7. Start your own business, one that actually fits your interests and your lifestyle. The entrepreneur has much in common with the Fortune 500 CEO. Both are required to have a grasp of the big picture, and also to be responsible for the myriad smaller details of the undertaking. If you can successfully run a catering or consulting or childcare business from your home (with all the competing family demands that entails) you can do anything. Remember, Ginger Rogers did everything Fred Astaire did, and she did it backwards and in high heels. If starting your own business all by yourself seems too daunting, find a partner. This can be tricky though, so choose someone whose personality is a good match for yours and whose knowledge or skills are different from your own (you don't need two marketing geniuses, and someone better be able to keep the books!).Make sure you find someone who shares your basic ideas about where the business fits on the level of priorities. You are probably an at-home mother because your children are number one, if your partner's attitude is "business first," there is likely to be too much conflict.

8. Learn, learn, learn. Become eternally curious. Read books and watch educational TV. At parties, seek out the person with whom you have, apparently, nothing in common. (In my case, this would be anyone who has a grasp of economics or the Middle East). Ask questions, and really listen to the answers. In any situation, look for the learning experience. When your children ask those "why-is-the-sky-blue, what-do-gnats-eat" questions, instead of answering "I have no idea," get in the habit of saying "Let's find out." And do it. Go to the Internet, or the library, or the gnat-food expert down the street for the answer. You'll likely discover you are stimulated in directions you never dreamed. Besides, there's always a chance you'll someday find yourself a contestant on "Jeopardy" and won't your neighbors be impressed!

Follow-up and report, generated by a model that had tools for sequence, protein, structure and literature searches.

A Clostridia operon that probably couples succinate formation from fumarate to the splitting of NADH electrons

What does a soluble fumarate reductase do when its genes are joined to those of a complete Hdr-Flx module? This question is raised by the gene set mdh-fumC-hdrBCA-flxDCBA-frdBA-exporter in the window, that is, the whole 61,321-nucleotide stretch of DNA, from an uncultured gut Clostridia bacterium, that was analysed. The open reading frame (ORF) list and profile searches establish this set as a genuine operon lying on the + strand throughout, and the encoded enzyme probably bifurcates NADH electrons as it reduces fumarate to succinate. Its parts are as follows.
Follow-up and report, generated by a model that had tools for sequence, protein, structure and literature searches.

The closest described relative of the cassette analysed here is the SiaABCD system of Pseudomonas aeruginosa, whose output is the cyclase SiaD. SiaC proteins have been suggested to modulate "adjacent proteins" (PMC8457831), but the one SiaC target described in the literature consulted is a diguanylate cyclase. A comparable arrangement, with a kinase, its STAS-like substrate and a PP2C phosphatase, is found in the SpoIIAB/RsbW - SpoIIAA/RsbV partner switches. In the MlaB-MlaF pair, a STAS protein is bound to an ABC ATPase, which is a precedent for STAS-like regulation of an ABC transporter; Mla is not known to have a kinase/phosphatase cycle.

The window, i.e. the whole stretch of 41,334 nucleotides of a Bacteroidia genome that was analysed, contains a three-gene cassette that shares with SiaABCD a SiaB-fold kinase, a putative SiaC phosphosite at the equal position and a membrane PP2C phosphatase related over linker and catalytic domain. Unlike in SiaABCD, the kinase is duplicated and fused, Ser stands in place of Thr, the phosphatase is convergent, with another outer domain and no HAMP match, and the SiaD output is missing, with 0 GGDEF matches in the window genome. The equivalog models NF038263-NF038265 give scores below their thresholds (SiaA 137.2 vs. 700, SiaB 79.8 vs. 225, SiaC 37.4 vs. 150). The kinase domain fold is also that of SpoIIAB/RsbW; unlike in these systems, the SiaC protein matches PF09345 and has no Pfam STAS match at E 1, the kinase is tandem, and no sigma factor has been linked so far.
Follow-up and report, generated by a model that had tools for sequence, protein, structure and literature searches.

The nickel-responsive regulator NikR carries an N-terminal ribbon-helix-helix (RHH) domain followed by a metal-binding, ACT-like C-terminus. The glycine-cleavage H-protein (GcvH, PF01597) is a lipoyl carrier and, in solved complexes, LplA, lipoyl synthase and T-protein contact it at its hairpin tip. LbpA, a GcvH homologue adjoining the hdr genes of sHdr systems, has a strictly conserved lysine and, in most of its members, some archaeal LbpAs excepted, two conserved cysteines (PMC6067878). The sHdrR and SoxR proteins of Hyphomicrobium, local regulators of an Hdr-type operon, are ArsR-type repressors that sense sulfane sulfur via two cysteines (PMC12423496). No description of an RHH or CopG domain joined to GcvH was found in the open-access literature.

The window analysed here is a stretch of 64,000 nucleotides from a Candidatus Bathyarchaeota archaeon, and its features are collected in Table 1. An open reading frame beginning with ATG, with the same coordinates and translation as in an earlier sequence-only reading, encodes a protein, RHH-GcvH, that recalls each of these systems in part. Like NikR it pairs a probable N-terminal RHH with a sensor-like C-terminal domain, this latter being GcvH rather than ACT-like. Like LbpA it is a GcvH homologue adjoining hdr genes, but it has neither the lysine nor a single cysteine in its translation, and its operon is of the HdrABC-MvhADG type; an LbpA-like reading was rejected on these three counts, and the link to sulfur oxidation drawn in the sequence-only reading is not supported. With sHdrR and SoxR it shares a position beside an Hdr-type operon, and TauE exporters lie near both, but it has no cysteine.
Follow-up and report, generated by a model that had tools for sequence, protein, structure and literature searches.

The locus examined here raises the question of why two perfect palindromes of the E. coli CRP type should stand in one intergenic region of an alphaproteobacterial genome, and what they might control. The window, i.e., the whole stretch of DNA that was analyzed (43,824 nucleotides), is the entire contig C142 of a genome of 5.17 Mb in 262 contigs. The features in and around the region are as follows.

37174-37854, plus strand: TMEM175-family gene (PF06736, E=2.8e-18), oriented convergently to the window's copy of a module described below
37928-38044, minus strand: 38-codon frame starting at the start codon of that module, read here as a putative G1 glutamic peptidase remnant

9. Take names, and give yours. Whether it's that interesting speaker at your club, the "unofficial" supervisor at your volunteer position, or the author of a newsletter article you particularly enjoyed (and wrote a note saying so), these are the very people you hope will remember you when someday you are re-entering the job market. One enterprising mother actually started a "maybe someday" card file in which she kept track of social and business contacts whom she'd met during her at-home years. When the time came to look for a part-time job, she re-contacted a few and wham, she found a job she loves and which she can do full-time eventually. Remember, it's often the "who you know" that gets the job.

10. If possible, periodically invest in a "career" outfit, even if your current clothing needs run more to T-shirts and jeans. One of the easiest ways to boost your self-confidence is to know you can "look the part." And self-confidence is often as important for career-readiness as the job skills themselves.

One final word of advice to allay your fears about falling behind in your career: it's your personal traits that assure your success in any career. Most employers expect to do a certain amount of training anyway, and are reasonably patient while you get back up to speed. They will teach you their particular policies and procedures. What they can't teach, however, is the ability to get along well with others, or to be flexible, or to genuinely care about the company's success. If you are enthusiastic, a willing learner, and dedicated to excellence, you will succeed. And lucky for you, these are the very traits you're developing every day as an at-home mother.